Basal cell skin cancer
Basal cell carcinoma; Rodent ulcer; Skin cancer - basal cell; Cancer - skin - basal cell; Nonmelanoma skin cancer; Basal cell NMSC; Basal cell epithelioma
Basal cell cancer is the most common form of cancer in the United States. Most skin cancers are basal cell cancer.
Other common types of skin cancer are:
The top layer of the skin is called the epidermis. The bottom layer of the epidermis is the basal cell layer. With basal cancer, cells in this layer are the ones that become cancerous. Most basal cell cancers occur on skin that is regularly exposed to sunlight or other ultraviolet radiation.
This type of skin cancer is most common in people over age 50. But it can also occur in younger people who have had extensive sun exposure. Basal cell cancer is almost always slow-growing. It rarely spreads to other parts of the body.
You are more likely to develop basal cell cancer if you have:
- Light-colored or freckled skin
- Blue, green, or grey eyes
- Blond or red hair
- Overexposure to x-rays or other forms of radiation
- Many moles
- Close relatives who have or had skin cancer
- Many severe sunburns early in life
- Long-term daily sun exposure (such as the sun exposure received by people who work outside)
Other risk factors include:
If you're like many Americans, you've spent hours in the sun trying to get the perfect, golden tan. But tanning has its downsides, including an increased risk of skin cancers like basal cell carcinoma. Most people who get skin cancer have the basal cell carcinoma form. The good news is that this type of skin cancer grows very slowly compared to the more dangerous melanoma type. The bad news is, it's still cancer. You're more likely to get basal cell carcinoma on the parts of your skin that are exposed to the sun, like your scalp, if you don't wear a hat when you go outside. People who are fair-skinned, with blonde hair and blue eyes are also at greater risk for skin cancer than those with darker skin. To find out if you may have basal cell carcinoma, first, do a skin check. Look in a mirror and check your body for any bumps that look white, pink, or brown, or that have crusted over and bleed but don't heal. If you spot anything unusual on your skin, see your dermatologist. The doctor can perform a biopsy removing some or all of the growth and sending it to a lab where it can be checked for cancer. Basal cell carcinoma doesn't grow very quickly, and it's not likely to spread. Your doctor should be able to remove the bumps by cutting, scraping, or freezing it off. Once the cancer is removed, there's a good chance you'll be cured. But because skin cancer can come back, you always want to keep a close eye on your skin, and call your doctor if you notice any new growths. A lot of diseases are beyond your control, but skin cancer is one condition you do have some control over. The best way to avoid getting it is to stop sun worshipping. Seek shade during the hours when the sun is strongest, usually from 10 a.m. to 4 p.m. and especially during the summer months. If you do have to be outside then, slather on a thick layer of sunscreen with an SPF of at least 30, one that protects against both UVA and UVB rays. Reapply it often, if you're in the water where the sunscreen can wash off. Also wear a wide-brimmed hat, sunglasses, and long sleeves. If you want a healthy glow, get one from a bottle. Rubbing on a tanning cream is safer than exposing your skin to the sun.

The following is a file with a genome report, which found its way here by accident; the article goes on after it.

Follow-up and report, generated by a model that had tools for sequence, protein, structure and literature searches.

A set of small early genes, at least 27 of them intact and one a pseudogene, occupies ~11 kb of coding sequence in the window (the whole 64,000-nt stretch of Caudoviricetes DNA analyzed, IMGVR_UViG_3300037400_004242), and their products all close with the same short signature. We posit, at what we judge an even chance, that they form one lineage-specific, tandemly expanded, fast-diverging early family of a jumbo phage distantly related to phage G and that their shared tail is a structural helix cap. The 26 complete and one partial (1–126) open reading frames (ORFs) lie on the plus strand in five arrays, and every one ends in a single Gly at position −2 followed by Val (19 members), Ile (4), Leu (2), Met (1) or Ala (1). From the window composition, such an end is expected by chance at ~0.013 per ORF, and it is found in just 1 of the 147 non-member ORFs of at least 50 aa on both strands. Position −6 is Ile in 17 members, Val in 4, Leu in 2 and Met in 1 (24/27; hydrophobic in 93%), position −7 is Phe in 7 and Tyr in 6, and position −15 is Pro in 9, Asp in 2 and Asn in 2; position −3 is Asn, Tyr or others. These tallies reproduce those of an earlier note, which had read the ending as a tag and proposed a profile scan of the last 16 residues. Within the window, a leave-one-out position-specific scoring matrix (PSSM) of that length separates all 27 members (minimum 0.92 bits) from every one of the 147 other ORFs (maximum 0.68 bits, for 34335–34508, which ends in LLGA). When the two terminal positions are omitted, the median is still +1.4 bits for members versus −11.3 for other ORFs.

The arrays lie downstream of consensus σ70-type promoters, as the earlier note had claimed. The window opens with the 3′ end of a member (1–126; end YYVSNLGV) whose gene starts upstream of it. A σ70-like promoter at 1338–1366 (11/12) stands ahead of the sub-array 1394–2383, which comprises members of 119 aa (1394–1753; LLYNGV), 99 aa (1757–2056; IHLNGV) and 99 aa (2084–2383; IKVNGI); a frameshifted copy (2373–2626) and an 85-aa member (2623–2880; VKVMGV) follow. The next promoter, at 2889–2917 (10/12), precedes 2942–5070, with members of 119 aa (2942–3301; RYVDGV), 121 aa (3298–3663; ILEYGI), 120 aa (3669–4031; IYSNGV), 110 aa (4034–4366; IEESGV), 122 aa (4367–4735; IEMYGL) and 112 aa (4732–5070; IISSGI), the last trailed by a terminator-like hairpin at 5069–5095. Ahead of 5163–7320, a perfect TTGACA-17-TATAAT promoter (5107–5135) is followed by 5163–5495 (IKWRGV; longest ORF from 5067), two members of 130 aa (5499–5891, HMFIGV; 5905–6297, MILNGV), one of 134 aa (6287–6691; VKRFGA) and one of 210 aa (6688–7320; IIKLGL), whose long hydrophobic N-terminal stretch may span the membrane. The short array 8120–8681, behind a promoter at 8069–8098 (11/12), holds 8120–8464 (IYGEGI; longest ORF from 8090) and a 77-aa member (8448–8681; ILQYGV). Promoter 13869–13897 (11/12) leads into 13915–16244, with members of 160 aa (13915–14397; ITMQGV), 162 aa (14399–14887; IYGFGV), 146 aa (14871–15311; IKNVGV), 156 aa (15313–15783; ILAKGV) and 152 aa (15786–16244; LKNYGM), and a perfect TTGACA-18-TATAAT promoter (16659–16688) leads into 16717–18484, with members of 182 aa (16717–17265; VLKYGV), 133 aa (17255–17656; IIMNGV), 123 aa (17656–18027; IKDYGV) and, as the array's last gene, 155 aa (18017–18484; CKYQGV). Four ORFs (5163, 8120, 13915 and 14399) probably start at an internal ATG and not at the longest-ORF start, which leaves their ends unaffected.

Basal cell cancer usually grows slowly and is often painless. It may not look that different from your normal skin. You may have a skin bump or growth that is:
- Pearly or waxy
- White or light pink
- Flesh-colored or brown
- A red, scaly patch of skin
In some cases, the skin is just slightly raised, or even flat.
You may have:
- A skin sore that bleeds easily
- A sore that does not heal
- Oozing or crusting spots in a sore
- A scar-like sore without having injured the area
- Irregular blood vessels in or around the spot
- A sore with a depressed (sunken) area in the middle
Exams and Tests
Your doctor will check your skin and look at the size, shape, color, and texture of any suspicious areas.
If your doctor thinks you might have skin cancer, a piece of skin will be removed. This is called a skin biopsy. The sample is sent to a lab for examination under a microscope.
A skin biopsy must be done to confirm basal cell cancer or other skin cancers.
Treatment depends on the size, depth, and location of the skin cancer and your overall health. Each treatment has its risks and benefits. You and your doctor can discuss the treatment that's right for you.